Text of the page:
A spot of declaration bowling had to come. It wasn't great to watch, and certainly not for Somerset. But any team in that situation would have done the same; needs must. There was nothing to gain from either side in hanging around for a draw. 240 runs were needed then, with 40 overs to go. It offered enough time to dismiss a team, but with a score that would always keep Yorkshire interested even if a few wickets fell. One session then, stood between three teams for the title. The finale was upon us.

It might have looked a rather generous declaration at first; it turned out to be spot on. Yorkshire had gone in with just the four specialist batsmen, always having a risk of being exposed (much as they were in the first innings, when three of the top four fell for ducks). The pitch was the sort that a batsman could stay in on - but not necessarily one easy to score on. Tim Bresnan was the only man who ever really looked settled for Yorkshire, but - not for lack of trying - his second innings heroics weren't quite the match of his first. But there were still plenty of twists and turns for that last session. A fifty partnership between Bresnan and Ballance, when it looked like Yorkshire might make it. When it looked like Somerset could be the winners, with five wickets still needed from the last ten overs after Bresnan's dismissal. And then the final piece. A hat trick for Toby Roland-Jones, a wicket for Finn sandwiched between. Yorkshire were all out; Middlesex were champions.

Roland-Jones tore away, the hero of the hour. Middlesex players bundled to the ground in celebration. Somerset and Yorkshire were left heartbroken. Sixteen matches across six months, and it had all come down to the last five overs. As thrilling as it could be.

Tuesday, 13 September 2016

On records, Hales, and Hameed

Tuesday, 13 September 2016
Not long ago, after Jason Roy scored 162 in an ODI against Sri Lanka, I wrote that it was only a matter of time before Robin Smith's 23-year-old record for England's highest individual ODI score would be broken. In this series against Pakistan, it happened - by Roy's opening partner, Alex Hales.

Gone were those struggles of the test series, with Hales the test batsman replaced by Hales the ODI batsman, those different characters he often seems to play. The man who had already scored three ODI centuries in the last twelve months added another, and his greatest score yet: 171, that record of Robin Smith's finally falling. And not the last record to fall in the day. England surpassed their own  highest ODI score, then it was the world's best - 444/3. Buttler (90*), Root (85), and Morgan (57*) were all involved as well. And even Pakistan got their own record too, Mohammad Amir (58) hitting the highest score by a number eleven batsmen - sadly, all futile by that stage. On went England to a 4-1 series victory, and despite defeat in the Twenty20 that followed, they showed again how they have developed into a serious force in the shortened formats.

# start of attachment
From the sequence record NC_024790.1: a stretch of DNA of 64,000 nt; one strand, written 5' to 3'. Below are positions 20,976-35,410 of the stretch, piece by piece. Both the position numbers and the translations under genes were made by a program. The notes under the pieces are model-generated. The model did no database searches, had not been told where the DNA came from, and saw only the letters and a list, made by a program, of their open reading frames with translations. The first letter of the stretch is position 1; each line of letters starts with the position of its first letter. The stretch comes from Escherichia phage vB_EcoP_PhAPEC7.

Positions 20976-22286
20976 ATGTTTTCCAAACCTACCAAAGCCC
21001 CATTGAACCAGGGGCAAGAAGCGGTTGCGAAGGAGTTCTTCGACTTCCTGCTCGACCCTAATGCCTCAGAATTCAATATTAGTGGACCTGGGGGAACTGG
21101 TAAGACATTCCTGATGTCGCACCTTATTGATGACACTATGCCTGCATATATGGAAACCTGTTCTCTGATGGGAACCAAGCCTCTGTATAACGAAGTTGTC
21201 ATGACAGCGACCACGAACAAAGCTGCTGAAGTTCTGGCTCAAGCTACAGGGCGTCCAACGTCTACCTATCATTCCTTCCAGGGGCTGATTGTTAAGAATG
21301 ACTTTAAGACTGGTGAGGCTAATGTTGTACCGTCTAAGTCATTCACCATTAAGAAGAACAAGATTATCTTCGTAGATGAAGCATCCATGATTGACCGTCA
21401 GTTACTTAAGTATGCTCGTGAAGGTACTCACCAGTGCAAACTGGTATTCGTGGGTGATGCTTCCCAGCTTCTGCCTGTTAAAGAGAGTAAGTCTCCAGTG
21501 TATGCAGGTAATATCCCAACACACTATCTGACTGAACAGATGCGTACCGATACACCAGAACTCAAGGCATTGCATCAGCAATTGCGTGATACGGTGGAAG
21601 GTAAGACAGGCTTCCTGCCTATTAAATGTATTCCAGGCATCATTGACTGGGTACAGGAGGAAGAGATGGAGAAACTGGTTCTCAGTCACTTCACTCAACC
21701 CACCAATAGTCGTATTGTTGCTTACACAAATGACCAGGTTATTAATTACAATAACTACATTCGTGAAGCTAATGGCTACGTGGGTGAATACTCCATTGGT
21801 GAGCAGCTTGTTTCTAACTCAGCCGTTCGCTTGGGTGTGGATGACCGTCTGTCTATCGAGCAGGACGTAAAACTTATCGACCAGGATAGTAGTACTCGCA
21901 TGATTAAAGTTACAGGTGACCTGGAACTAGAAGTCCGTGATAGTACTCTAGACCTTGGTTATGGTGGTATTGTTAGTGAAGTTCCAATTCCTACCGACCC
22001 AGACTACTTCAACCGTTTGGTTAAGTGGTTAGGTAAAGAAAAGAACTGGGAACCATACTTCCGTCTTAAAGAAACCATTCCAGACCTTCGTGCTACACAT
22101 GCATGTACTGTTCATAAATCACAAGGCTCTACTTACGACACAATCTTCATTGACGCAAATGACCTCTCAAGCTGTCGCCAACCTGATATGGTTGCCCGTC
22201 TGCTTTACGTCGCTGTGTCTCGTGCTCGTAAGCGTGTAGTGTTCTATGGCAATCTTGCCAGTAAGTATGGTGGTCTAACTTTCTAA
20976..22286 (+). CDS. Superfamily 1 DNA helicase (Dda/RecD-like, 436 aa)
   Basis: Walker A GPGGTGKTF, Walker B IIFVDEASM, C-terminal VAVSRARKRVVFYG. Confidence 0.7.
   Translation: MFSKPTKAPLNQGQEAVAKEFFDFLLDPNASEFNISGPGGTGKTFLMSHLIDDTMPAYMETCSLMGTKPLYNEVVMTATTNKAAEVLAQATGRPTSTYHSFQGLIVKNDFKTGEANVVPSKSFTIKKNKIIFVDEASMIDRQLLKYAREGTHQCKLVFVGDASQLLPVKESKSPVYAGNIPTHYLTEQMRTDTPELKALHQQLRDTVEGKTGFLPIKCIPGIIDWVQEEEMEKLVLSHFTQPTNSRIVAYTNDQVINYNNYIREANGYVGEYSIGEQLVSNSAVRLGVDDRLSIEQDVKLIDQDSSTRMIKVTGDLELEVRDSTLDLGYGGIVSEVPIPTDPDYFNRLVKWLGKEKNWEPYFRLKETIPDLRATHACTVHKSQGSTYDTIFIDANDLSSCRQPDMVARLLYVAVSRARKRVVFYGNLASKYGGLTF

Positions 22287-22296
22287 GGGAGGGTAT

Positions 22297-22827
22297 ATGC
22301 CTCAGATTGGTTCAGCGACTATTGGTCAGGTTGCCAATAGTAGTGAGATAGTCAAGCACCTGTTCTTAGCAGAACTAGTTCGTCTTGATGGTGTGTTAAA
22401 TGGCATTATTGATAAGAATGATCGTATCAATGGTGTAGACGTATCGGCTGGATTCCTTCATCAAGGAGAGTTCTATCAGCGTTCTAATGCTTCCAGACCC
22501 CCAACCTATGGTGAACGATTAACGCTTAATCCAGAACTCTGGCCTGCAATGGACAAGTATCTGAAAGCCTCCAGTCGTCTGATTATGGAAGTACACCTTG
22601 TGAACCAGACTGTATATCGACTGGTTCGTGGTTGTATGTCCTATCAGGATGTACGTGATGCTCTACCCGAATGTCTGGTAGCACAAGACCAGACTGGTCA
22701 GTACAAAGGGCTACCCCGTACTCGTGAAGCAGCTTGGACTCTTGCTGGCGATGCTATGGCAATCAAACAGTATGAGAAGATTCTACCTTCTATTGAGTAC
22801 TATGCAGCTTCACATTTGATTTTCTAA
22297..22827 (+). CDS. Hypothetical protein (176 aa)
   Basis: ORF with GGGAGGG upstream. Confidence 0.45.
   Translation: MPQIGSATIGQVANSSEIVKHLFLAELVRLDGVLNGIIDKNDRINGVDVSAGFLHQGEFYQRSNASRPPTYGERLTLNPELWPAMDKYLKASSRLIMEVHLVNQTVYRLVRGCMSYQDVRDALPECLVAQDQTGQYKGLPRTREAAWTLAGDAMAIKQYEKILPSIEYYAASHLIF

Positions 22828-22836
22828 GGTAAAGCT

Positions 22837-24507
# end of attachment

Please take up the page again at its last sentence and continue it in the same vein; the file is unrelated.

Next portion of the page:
But international cricket moves on as quickly as it ever does, and even ODI heroics would have been unlikely to save Hales for the fast approaching test series in Bangladesh. In any case, Hales will not be joining the England squads for the tour, choosing alongside the captain Eoin Morgan to sit out the tour through security fears. It's a decision that for both has brought much scrutiny and often criticism. But such a harsh fare as both, and especially Morgan, have faced feels rather unjust. Assurances have been made, but the ultimate decision was always to be given to the players themselves, with a promise of no consequences. So for the decision to then be called 'disappointing' by the ECB, and then lambasted from many quarters as well, all seems a bit unfair. Sure, I might have liked to see them tour, but it was given as a personal decision for the players and their families, and so it should be left as such.

Lancashire's Haseeb Hameed currently looks like the latest man set to be given the job as Alastair Cook's partner at the top of the order. At least, he is the man currently being 'floated' as the likely option - a recent trend by the selectors to see how the player reacts to an increased spotlight, one that didn't work out well for Scott Borthwick earlier in the summer. Of course, Hameed cannot be mentioned without reference to both his achievements, and his age. Just nineteen years old, so far this season he has scored 1129 runs at 51.31 with four centuries and seven fifties. But the flipside is that - he is just nineteen. Will it be too much, too soon?

The argument has always been there - if you're good enough, you're old enough. The evidence has suggested Hameed is good enough, and certainly he has a huge future in the game. He's something of a throwback in this current age, more traditional in approach than is typical of the Twenty20 generation. It's an approach and mentality not dissimilar from Cook's, and one suited to the test match arena. And, by all accounts, he is a natural. Though touring the subcontinent can be a daunting start to a test career, it is a place where openers can prosper, and is often the best time in the innings to bat. Indeed, Cook made his debut in India aged only 21 - and we know what happened there. Joe Root as well, though not opening, made his mark straight away at a young age. They were good enough, so they were old enough.